BACKGROUND: Thromboelastography (TEG) is widely advocated as a rapid method for obtaining critical blood coagulation data to guide resuscitation, but the method suffers well-known limits in sensitivity, repeatability, and interpretability. STUDY DESIGN AND METHODS: Mixtures of fresh human blood components were prepared that represent the range of blood element concentrations seen in health and disease and after injury. These mixtures were tested in a TEG device after kaolin, tissue factor and phospholipid, or tissue factor and phospholipid with abciximab activation. The results were measured as reproducibility and nonlinear effects in regression analysis and evaluated for interpretability. RESULTS: Clot strength was associated with increased platelet (PLT) content and plasma fibrinogen concentration and content. Increasing hematocrit (Hct) reduced while increasing PLT or plasma concentration increased TEG clot strength. The abciximab dose used to block PLT activity did not fully inhibit the PLT contribution to clot strength. Clot strength is logarithmically correlated in the absence and linearly correlated to PLT concentration in the presence of abciximab. TEG clot strength with or without abciximab is dependent on Hct, PLT, and plasma (fibrinogen) concentrations in complex patterns. CONCLUSION: Interpretation of TEG variables is limited without knowledge of the concentration of the blood components present. When "normal" TEG values are known for a certain PLT-plasma-red blood cell concentration, the assay can be used to assess PLT and plasma function in coagulation. The TEG "functional fibrinogen" assay should be used only as a gross estimate of the fibrinogen concentration in whole blood.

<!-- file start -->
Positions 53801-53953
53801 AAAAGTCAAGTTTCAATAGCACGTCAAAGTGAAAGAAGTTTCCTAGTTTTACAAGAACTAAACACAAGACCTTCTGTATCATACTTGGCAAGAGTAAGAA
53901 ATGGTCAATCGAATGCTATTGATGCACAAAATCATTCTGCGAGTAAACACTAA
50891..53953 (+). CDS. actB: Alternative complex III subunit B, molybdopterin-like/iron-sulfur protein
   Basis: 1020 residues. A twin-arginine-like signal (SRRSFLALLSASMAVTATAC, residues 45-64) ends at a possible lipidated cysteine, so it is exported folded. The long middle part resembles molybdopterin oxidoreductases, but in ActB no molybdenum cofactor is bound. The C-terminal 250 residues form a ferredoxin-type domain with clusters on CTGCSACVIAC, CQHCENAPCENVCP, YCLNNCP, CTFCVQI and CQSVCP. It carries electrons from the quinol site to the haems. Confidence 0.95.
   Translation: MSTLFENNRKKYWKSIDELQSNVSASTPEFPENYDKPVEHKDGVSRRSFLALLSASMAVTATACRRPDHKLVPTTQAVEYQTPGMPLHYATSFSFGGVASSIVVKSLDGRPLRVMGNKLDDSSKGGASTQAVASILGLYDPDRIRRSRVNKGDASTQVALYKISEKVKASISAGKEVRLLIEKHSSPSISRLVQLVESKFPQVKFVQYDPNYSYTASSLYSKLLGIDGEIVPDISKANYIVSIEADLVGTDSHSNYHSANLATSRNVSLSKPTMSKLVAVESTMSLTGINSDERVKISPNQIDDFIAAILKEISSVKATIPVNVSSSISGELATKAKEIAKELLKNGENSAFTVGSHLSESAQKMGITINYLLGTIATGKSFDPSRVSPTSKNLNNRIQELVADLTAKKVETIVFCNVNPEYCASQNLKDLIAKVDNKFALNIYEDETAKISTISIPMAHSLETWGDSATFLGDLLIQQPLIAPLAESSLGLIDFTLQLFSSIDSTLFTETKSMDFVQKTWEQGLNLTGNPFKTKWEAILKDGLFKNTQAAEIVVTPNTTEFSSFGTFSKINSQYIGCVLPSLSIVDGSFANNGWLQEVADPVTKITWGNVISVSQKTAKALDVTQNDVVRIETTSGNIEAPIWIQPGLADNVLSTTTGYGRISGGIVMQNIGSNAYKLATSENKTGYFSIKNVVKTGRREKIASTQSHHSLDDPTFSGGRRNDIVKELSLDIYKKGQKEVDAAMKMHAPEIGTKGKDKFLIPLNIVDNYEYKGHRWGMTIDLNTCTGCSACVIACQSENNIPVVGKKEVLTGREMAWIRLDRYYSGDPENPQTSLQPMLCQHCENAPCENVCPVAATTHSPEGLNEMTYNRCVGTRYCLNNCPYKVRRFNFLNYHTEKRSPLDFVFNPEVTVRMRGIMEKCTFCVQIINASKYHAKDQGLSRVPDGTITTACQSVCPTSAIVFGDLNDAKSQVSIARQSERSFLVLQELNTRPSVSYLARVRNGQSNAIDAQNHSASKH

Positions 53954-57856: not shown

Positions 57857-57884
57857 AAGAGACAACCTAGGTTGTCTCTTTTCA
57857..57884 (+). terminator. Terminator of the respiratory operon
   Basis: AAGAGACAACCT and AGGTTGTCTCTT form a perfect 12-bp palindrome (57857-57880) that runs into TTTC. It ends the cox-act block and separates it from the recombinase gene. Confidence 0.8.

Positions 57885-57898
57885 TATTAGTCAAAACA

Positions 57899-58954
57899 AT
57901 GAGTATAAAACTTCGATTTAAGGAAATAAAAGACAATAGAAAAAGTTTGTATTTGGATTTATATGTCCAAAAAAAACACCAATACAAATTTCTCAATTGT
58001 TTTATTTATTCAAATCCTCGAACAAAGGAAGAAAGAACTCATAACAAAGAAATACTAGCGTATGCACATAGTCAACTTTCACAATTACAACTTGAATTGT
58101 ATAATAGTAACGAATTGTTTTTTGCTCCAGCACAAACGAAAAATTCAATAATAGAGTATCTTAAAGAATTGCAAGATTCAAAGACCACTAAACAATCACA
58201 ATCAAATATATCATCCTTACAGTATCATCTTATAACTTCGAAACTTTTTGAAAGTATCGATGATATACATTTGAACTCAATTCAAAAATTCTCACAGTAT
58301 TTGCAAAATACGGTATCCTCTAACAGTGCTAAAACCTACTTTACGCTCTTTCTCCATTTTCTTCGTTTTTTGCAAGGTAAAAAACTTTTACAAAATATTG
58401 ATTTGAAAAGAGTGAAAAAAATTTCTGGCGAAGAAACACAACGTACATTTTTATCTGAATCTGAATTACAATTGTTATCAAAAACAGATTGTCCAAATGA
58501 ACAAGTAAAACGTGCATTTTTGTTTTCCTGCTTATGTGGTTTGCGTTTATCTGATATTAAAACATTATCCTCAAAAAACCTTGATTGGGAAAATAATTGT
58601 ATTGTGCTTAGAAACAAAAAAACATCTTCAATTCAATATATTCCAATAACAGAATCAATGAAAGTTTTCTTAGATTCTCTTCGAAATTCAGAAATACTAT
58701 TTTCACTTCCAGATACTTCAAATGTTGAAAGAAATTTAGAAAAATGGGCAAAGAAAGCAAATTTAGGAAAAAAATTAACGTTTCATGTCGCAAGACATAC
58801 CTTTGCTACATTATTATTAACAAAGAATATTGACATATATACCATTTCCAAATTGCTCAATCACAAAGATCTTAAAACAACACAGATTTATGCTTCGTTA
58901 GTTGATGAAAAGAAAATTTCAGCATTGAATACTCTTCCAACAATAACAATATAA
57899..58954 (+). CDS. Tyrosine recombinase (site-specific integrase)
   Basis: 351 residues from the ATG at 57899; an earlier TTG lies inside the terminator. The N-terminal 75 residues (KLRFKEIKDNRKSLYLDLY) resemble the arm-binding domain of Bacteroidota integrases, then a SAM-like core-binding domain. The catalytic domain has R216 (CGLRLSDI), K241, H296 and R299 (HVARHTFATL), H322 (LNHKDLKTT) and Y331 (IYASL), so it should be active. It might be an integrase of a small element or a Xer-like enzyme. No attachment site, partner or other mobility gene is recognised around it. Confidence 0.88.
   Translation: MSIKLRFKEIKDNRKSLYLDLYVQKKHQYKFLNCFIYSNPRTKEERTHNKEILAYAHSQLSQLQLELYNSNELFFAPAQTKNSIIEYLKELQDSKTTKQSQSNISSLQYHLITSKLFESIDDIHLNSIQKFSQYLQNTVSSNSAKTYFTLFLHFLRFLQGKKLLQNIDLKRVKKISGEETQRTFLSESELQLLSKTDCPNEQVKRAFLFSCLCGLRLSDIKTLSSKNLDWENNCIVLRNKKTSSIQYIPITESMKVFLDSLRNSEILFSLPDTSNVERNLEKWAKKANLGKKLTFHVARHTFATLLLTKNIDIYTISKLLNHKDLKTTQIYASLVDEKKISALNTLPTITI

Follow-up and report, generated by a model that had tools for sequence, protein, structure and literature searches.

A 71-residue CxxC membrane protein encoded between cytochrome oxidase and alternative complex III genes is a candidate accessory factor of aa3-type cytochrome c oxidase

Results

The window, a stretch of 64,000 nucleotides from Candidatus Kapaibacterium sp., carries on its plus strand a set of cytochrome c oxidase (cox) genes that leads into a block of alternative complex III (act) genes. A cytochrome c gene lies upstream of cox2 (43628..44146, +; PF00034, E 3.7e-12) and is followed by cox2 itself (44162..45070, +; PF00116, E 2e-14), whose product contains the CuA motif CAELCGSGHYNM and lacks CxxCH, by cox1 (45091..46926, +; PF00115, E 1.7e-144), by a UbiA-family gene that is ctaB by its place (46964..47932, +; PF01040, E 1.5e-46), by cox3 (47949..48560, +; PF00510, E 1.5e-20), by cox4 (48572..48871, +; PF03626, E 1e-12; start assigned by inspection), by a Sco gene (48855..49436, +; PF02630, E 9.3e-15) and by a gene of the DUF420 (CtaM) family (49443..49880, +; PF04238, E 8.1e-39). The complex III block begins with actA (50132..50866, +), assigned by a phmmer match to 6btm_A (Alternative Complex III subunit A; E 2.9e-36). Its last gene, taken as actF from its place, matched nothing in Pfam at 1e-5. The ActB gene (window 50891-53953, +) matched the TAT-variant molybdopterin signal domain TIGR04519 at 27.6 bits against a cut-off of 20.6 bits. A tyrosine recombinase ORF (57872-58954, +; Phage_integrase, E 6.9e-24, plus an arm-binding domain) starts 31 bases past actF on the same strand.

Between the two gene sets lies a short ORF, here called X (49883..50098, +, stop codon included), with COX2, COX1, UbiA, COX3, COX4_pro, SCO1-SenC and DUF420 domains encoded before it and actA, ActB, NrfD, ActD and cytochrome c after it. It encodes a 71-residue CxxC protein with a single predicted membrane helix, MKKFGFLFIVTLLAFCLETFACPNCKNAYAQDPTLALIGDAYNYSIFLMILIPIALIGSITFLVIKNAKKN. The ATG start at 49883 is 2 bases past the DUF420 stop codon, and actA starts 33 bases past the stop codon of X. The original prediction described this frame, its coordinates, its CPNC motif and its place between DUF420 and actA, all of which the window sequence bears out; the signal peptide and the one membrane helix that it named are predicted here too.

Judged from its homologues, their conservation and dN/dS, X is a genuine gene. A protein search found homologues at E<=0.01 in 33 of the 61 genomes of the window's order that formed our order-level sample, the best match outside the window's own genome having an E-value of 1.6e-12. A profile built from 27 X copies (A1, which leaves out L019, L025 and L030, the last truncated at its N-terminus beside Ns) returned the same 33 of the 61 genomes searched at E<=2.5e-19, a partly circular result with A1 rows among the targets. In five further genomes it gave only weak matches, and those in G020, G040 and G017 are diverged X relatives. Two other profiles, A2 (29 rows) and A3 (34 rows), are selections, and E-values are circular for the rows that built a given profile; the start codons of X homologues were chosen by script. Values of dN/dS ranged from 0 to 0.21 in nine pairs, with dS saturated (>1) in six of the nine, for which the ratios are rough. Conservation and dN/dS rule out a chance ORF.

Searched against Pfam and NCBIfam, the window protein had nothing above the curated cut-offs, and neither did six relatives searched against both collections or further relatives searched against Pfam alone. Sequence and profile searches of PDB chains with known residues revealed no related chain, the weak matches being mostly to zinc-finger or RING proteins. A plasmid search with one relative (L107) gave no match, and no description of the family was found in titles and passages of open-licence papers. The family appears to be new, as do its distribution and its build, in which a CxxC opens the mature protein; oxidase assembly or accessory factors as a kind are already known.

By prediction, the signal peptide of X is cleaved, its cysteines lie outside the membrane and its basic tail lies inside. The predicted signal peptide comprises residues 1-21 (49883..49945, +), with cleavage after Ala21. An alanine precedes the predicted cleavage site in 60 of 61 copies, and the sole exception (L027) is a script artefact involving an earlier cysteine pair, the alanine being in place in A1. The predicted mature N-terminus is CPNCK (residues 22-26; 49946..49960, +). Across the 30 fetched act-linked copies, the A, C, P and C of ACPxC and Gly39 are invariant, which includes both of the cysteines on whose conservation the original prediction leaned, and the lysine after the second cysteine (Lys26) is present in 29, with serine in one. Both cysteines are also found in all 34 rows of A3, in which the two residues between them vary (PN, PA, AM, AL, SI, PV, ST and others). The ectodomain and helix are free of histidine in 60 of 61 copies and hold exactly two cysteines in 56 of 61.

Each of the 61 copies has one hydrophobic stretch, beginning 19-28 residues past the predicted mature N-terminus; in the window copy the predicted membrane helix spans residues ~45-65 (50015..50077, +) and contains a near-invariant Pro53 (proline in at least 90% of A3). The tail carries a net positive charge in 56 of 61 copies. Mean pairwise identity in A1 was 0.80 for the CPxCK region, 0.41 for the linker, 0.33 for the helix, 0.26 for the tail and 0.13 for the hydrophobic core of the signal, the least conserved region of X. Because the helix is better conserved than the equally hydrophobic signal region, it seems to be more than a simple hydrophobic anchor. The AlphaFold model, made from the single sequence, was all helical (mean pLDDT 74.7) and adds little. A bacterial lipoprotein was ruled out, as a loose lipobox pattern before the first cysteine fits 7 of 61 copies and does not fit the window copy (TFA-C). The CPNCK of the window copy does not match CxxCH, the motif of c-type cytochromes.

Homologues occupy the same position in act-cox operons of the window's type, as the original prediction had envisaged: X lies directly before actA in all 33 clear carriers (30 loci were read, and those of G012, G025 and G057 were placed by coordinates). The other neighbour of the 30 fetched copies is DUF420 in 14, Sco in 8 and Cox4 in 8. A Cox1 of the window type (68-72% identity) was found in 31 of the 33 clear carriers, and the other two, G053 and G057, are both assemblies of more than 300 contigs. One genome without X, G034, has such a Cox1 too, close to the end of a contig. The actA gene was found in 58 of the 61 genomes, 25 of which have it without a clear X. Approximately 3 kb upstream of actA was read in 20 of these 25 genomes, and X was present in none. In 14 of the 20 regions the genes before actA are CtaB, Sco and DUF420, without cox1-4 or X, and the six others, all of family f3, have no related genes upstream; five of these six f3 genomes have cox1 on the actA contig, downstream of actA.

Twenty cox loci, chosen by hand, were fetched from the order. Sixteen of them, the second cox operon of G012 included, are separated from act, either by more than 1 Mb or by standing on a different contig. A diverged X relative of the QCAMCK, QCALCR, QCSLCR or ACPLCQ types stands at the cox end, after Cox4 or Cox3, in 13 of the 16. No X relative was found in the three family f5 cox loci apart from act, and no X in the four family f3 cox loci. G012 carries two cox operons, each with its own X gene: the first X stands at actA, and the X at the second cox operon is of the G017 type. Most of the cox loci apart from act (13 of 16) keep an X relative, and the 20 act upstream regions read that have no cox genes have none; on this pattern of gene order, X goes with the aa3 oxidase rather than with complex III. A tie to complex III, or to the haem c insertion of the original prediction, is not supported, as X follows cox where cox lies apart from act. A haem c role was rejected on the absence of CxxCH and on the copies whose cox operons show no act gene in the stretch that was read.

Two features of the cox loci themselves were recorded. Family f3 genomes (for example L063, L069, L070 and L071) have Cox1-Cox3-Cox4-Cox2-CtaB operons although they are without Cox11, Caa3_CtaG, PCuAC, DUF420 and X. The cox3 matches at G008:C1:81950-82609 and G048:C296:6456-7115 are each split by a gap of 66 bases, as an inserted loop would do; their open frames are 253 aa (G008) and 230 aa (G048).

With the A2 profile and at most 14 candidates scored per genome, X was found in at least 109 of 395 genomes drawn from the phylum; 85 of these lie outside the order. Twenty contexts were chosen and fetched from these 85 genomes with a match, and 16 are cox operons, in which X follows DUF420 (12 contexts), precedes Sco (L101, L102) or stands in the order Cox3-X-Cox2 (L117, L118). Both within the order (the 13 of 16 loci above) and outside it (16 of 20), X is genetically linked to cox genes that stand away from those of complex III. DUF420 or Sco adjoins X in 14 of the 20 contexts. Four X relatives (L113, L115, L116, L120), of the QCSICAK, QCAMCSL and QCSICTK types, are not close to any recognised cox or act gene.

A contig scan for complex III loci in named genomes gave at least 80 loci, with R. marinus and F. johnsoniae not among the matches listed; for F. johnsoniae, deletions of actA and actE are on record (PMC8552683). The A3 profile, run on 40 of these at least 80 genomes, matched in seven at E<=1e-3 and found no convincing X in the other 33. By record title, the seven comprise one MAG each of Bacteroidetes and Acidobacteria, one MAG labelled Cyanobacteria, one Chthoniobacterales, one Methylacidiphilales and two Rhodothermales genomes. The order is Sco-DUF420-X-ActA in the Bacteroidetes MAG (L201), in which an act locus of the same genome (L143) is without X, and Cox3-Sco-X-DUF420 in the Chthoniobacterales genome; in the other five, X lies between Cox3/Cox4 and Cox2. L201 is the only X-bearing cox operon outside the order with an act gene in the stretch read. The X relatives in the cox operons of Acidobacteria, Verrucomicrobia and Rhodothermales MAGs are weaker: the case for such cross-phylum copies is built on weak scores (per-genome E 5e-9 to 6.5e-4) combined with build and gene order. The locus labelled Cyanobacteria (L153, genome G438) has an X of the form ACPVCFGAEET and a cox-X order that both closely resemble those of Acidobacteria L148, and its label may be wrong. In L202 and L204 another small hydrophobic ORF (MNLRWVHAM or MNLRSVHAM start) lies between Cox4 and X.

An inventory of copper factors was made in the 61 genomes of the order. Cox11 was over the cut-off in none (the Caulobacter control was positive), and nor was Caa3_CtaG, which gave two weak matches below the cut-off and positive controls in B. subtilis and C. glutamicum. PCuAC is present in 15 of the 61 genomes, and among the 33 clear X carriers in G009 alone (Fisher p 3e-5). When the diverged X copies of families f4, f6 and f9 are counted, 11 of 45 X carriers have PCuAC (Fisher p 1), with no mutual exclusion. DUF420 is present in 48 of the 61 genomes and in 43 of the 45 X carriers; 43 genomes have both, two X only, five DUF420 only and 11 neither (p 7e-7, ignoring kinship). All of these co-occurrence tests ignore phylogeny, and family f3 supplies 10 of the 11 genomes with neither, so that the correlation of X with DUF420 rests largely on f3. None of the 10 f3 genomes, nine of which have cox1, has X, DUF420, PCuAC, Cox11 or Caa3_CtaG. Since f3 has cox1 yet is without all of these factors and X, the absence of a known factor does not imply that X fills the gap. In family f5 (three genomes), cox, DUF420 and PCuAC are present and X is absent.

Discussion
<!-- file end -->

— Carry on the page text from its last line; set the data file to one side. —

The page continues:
Assuntos
Coagulação Sanguínea , Plaquetas/citologia , Fibrinogênio/análise , Tromboelastografia/métodos , Testes de Coagulação Sanguínea , Humanos , Ressuscitação , Tromboelastografia/normas
9.
PLoS One ; 11(12): e0168401, 2016.
Artigo em Inglês | MEDLINE | ID: mdl-27959967

RESUMO